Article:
Ameriprise Invests in SOA for the Long Term

By John Moore  |  Posted 11-06-2006 Print Email

Ameriprise Financial Inc. faced a classic integration problem. The nation's fourth-largest financial advisory firm, with $7.5 billion in 2005 revenues—until recently a unit of American Express Co.—grew out of a series of acquisitions dating back to 1984 and had evolved a collection of IT systems supporting various financial products. What's more, the firm had begun selling products, such as mutual funds, created by other companies.

This lack of cohesion complicated activities such as account administration, where the systems worked well in isolation but made it difficult for customers to move funds between accounts. With unified systems, the company could potentially get customers to buy into numerous financial products such as annuities, mutual funds and certificates of deposit. This need for integration started Ameriprise along the path to a service-oriented architecture—but it didn't rush in. Ameriprise took its first step toward SOA in 1999, and the process is ongoing.

In fact, says David Nichols, SOA practice leader at Accenture, lots of companies are lured to SOA by the promise lower software development cost and faster application deployment, only to be disappointed.

SOA is a computing architecture that let companies make applications and computing resources, such as databases, available as "services" which can be called upon when necessary. SOA leverages standard mechanisms, such as eXtensible markup language (XML), to simplify the process of exchanging data. It's not, Nichols says, a software solution you buy off the shelf, but rather a multiyear, organizational shift that requires discipline on the part of both the business and information technology organizations. "People need to be pragmatic about this," he says.

Ameriprise was. "We began with the problem of data integration," recalls Tracy LeGrand, chief architect and vice president of technology, strategy and architecture at Ameriprise. The company started off with IBM Corp.'s MQSeries Integrator, a middleware product, to provide the basis for a "hub-and-spoke" implementation, where different applications, the spokes, attach to a central hub. When an application requests data from another application, the hub transforms the data into a format the requesting application understands.

LeGrand describes the set-up as an early version of an enterprise service bus, or ESB, which some IT executives now view as a foundation for SOA. It provides much the same functionality as the hub-and-spoke architecture, but uses open Web services protocols as the integration mechanism instead of proprietary technology. In Web services, Simple Object Access Protocol (SOAP), based on XML, lets applications communicate over the protocol that Web servers use.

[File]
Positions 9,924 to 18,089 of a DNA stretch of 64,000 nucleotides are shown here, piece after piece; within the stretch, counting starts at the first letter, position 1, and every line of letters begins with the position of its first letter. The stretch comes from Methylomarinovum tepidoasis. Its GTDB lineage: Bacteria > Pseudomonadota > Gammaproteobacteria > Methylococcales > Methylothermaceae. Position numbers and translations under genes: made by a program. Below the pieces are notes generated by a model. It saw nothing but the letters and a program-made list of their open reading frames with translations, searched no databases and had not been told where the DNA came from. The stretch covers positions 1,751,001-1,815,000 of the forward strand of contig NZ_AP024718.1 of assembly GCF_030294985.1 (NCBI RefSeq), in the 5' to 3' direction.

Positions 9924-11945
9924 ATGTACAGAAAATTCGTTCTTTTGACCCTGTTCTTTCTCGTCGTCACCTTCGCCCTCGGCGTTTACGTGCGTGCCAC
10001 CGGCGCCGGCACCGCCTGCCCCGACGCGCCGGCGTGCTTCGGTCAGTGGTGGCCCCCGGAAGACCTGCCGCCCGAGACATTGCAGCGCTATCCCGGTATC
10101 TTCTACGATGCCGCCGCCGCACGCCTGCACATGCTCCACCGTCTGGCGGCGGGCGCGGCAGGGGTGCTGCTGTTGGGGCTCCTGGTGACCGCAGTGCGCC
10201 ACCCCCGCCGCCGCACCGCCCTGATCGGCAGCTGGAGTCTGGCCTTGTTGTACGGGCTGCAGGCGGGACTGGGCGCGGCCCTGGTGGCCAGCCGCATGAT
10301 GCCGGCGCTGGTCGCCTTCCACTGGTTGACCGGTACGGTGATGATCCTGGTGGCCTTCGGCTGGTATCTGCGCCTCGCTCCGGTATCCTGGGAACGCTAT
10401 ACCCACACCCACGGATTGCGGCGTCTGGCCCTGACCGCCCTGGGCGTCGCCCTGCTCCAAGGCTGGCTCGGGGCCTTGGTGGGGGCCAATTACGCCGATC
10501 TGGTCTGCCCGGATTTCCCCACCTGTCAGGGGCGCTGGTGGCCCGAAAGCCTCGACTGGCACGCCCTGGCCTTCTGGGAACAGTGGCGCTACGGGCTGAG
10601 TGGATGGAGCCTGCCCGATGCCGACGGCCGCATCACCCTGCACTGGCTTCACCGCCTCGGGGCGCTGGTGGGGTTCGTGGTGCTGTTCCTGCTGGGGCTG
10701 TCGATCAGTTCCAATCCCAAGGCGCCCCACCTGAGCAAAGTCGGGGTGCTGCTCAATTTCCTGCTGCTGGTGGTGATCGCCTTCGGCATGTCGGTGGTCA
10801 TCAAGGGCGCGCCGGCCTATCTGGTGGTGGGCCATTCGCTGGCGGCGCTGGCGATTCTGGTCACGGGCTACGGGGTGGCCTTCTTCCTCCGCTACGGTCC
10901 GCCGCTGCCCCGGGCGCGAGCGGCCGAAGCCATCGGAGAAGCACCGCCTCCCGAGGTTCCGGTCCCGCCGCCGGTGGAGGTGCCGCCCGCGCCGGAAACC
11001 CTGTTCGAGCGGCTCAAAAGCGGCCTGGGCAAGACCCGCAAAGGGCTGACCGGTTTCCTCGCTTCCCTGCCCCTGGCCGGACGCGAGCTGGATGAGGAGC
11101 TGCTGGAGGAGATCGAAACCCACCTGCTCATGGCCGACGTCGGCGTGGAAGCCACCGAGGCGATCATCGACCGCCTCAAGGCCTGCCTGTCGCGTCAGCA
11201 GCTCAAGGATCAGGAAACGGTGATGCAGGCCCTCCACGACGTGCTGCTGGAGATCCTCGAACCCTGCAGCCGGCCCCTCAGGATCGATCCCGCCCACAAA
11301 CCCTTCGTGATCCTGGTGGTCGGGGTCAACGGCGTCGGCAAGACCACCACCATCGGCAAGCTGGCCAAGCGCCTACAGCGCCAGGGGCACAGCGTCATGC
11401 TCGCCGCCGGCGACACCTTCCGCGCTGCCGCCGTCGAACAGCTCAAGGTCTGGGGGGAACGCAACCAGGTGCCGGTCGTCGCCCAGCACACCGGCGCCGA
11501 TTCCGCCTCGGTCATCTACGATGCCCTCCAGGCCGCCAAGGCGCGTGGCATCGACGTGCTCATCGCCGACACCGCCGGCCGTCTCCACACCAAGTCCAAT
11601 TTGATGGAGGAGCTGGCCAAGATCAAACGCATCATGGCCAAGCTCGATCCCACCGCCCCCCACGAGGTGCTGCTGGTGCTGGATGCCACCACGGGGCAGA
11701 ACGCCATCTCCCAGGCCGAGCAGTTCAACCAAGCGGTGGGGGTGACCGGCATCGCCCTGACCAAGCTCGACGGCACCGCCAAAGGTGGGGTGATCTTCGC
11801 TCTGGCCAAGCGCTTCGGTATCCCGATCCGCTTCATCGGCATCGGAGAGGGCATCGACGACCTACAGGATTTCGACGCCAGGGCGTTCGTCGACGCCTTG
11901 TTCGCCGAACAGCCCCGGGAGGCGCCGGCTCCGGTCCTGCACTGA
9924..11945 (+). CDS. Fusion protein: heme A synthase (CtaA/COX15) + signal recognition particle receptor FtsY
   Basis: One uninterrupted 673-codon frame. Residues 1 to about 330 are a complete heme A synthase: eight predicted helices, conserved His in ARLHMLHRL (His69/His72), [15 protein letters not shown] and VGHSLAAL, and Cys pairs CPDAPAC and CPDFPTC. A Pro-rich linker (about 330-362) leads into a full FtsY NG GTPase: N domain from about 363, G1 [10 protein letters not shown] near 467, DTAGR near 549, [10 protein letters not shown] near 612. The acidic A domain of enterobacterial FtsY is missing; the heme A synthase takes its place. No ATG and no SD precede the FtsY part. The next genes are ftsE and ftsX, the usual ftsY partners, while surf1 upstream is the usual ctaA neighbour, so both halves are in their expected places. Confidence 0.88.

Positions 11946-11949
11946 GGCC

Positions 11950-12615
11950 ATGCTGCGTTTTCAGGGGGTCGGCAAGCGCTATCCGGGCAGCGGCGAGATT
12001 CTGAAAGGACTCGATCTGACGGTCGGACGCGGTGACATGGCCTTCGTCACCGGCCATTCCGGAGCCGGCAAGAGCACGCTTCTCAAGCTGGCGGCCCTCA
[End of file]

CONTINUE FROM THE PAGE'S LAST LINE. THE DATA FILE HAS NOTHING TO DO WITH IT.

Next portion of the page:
While the hub-and-spoke method helped Ameriprise integrate its business lines, the company sought to move more fully toward the services approach. In 2000, after considering several companies, Ameriprise enlisted IBM for the push from its data-integration focus to services. MQSeries Integrator, now recast by IBM as WebSphere MQ and WebSphere Business Integration, provide the foundation for a standards-based enterprise service bus. The rebranded WebSphere products support SOAP.

With the standards-supporting bus in place, Ameriprise turned its attention to identifying key business services. The company's aim: to improve the customer experience, support its financial advisors, and promote reusable services. Using IBM's Rational software development product line, which provides tools for building services, Ameriprise has developed multiple services for three areas: customer management, asset management, and money movement, which involves the movement of funds between financial products, funds and accounts.

Over time, Ameriprise has come to organize its services into three categories: enterprise reuse, shared reuse, and specialized. When developers plan a new project, they consult a registry of services available for reuse. Enterprise reuse services, such as the customer management service, are used across the company. Shared reuse services operate at the line-of-business level, such as a service shared throughout Ameriprise's brokerage business. Specialized services are not shared, but are still built using the SOA approach.

LeGrand's key takeaway from his experience? SOA represents a long-term, strategic commitment. "For us and for most companies it's a journey," he says. "Few can afford to take a scorched-earth approach: starting over and service-orienting their architecture from scratch."



 

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